September: Halfway through now
The beans have carried on and the tomatoes are edible now. Hurrah!
So, some wins and some not so great results - our fruit is minimal – focus for next year.
Rhubarb, berries, apples and pears. Did the wasps get all the damsons?
This weekend – taa daa!
Scarecrow and stall as part of the local Festival.
This is a personal blog that will attempt to describe my experience of living in On the Brink, our co housing community, during the Covid-19 pandemic. I know that every person, wherever they live, will be having different experiences and challenges to their lives and their lifestyles and my heart goes out to you if you are having a difficult time.
This is my experience.
Lisa and I developed the symptoms of Covid-19 just after the middle of March. We had been observing the official precautions and it remains unclear how we managed to contract the virus. At one level we had a nasty time, Lisa more than me. Lisa was admitted to hospital when her symptoms worsened about two weeks after the start of the symptoms and was on oxygen for ten days before returning home. Phew!!! It was a horrid, frightening time for us. But living within such a wonderful, enormously supportive community has made the experience bearable.
We didn’t move to On the Brink in the expectation of needing care. However the lived experience over the last few months is that the love and support that we have received throughout this challenging time from our co housing comrades has been enormously moving and has sustained us. Thank you to all of our fellow co housers.
Listing all the ways that our co housing comrades have supported us would be a bit tedious but it includes leaving meals by our door, sending us flowers picked from the garden, WhatsApp messages, Zoom calls, telephone calls without number, offers of shopping trips... I don’t think any of this was coordinated, but certainly when Lisa was in hospital and I wasn’t well myself and couldn’t think of what to eat a delicious meal would magically arrive at the door unbidden.
I am welling up just thinking of those times and of the way that our comrades rallied round without any fuss. Within myself and for the first time in my life I found it possible to ask for the things we needed to live behind the closed door of flat 7. The worst of these for me is to ask for someone to take away our rubbish. It felt humiliating and exposing – but we asked and the task was completed as necessary without further ado.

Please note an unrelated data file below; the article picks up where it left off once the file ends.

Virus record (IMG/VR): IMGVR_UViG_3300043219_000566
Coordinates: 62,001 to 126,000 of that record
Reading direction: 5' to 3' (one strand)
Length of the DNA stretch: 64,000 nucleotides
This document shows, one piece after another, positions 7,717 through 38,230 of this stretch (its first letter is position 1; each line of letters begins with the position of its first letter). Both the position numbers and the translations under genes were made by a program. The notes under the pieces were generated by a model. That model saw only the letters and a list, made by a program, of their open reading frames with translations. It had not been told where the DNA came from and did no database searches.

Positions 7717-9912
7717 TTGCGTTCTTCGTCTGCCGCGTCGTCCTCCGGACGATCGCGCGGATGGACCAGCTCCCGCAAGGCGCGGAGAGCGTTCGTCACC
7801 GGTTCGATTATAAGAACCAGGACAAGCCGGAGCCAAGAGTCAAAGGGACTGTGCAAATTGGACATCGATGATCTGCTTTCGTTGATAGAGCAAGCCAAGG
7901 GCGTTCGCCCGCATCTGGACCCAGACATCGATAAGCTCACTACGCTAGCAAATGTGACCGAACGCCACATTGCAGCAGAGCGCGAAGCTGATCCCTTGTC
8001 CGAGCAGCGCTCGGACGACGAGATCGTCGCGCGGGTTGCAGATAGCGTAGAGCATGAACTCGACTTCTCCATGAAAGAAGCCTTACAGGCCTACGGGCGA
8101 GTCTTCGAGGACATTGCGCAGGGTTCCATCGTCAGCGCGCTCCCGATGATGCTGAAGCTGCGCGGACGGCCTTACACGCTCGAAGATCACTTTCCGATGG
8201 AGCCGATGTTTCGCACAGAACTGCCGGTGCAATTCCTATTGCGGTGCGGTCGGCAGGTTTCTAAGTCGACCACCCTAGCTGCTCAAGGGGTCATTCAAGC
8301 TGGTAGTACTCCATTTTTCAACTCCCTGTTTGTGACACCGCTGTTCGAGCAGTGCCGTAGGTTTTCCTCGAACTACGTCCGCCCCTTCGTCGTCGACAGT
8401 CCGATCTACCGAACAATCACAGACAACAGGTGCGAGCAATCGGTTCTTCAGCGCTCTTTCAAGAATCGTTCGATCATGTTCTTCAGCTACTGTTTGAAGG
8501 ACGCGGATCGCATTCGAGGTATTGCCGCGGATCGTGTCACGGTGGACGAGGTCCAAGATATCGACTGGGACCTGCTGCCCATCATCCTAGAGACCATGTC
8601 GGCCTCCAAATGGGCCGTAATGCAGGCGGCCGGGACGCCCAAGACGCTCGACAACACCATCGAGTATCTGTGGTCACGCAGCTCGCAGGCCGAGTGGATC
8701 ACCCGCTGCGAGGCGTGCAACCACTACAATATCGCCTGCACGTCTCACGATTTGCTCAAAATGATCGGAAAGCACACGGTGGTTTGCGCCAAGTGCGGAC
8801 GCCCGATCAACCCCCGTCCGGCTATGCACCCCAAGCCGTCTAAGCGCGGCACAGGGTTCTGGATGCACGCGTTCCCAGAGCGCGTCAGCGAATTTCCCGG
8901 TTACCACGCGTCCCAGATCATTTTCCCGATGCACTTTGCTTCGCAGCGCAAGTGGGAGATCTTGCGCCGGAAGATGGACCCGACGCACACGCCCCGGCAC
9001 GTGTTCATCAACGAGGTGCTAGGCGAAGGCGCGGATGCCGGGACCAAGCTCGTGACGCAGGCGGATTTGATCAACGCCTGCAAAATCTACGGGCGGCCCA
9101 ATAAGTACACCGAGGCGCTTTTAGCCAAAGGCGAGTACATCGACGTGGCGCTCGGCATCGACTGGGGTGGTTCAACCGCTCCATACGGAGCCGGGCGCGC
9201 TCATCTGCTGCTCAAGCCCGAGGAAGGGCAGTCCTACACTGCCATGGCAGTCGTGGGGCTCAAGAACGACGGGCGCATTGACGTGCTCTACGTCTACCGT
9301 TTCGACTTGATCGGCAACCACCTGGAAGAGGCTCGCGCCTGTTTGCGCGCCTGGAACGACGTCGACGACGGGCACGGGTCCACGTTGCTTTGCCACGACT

The best thing for me was to receive cards and messages from the young people living here...
Here’s a sample:
Listening to the young people playing in the garden remains a major delight. They barrel around, swooosh down the drives in their mini vehicles, build dens, rearrange everything in the garden over and over and fill the airwaves with yells and whoops. Hearing and seeing them is as good as oxygen.
During this time there is a part of the garden where building work is going on. Our little balcony overlooks the site where the three new houses are being constructed. Of course there’s noise and dust – but there’s also tangible proof of a new future for On the Brink. Before our eyes the deliveries of stone and cement are being transformed into three lovely new living spaces. Each day the builders perform a ballet – moving around the site – carrying stuff, putting stone on stone, it’s great to watch. And it’s a real marvel to be able to watch the delicacy with which the JCB driver does the heavy parts of the work. What skill they all have.
More routine parts of the work of keeping On the Brink going are being adapted to these constrained times. Meetings are being held via Zoom calls and it is possible to join in discussions and decision-making even while being confined to barracks. Everything has changed but lots remains the same. We still need to talk with each other about finance and legal matters, we need to plan our future together and look forward to new developments within the community. Technology has been a great boon to these lines of communication – what would we do without it?
While Lisa remains inside our flat being ‘shielded’ I have cautiously started moving round the house, gardens and grounds and even on my bike for short rides around the neighbourhood. And the community has recently started to develop safe ways of re-establishing at least some of the social features that make living here such a delight.